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Acer joins faulty Sandy bridge chipset recall


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PC maker promises speedy resolution as Intel saga rolls on

Acer has become the latest manufacturer to stop shipping products with faulty Intel Sandy Bridge chipsets, and has issued a recall of machines that might be affected.

The firm said in a statement to V3.co.uk that Acer is taking all necessary steps to minimise any inconvenience customers might experience following Intel's announcement of the Sandy Bridge design flaw.

Acer is in the process of setting up a web site where customers will be able to find out whether their product could be affected.

"In case a machine is impacted, Acer will offer the option to service the defective unit," the company said.

"While the timing of the service depends on the supply of the fixed chipset from Intel, Acer is committed to completing the whole activity in the shortest possible time."

Alternatively, customers will be able to swap a defective PC with another Acer product of comparable performance free of charge.

Meanwhile, Lenovo has released a list of affected models, which include the Y460P, Y560P, Z570, G470, G570, V370, V470, V570, B470 and B570 Ideapad laptops, and the IdeaCentre K330, K330A, B520 desktops.

"Lenovo wants to reassure its customers that it is safe to use their Idea-branded PCs with Intel 6 series chipsets, and that customer data is not threatened by this issue," the firm said in a statement.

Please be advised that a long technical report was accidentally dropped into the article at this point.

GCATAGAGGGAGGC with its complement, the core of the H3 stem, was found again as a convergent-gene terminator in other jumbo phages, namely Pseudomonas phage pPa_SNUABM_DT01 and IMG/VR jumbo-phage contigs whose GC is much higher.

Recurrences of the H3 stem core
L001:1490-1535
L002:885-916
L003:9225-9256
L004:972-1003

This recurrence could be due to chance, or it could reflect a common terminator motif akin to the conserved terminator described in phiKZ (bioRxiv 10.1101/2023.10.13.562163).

"The probability of failure in these Intel system boards is estimated to be no greater than five per cent over three years, which is well within industry averages for system board failure rates."

Lenovo will also offer a service programme that will provide a system board replacement free of charge.

Any customers not satisfied with the system board replacement will be entitled to other remedies, including a full refund at point of sale.

Intel issued a recall on all P67 and H67 motherboards built on found in the Sandy Bridge micro-architecture on 31 January, and said that the hardware problem needs a silicon fix.

The issue relates to connectivity, meaning that, over time, machines may not be able to identify the hard disk or DVD. However, Intel confirmed that the defect will not cause any damage to the data stored on the drives.

Intel has begun manufacturing a new version of the support chip. V3.co.uk contacted the firm to confirm a shipping date, but Intel had not responded at the time of writing.

HP, Dell and Samsung announced a recall earlier this week, and will offer replacement parts when they become available.

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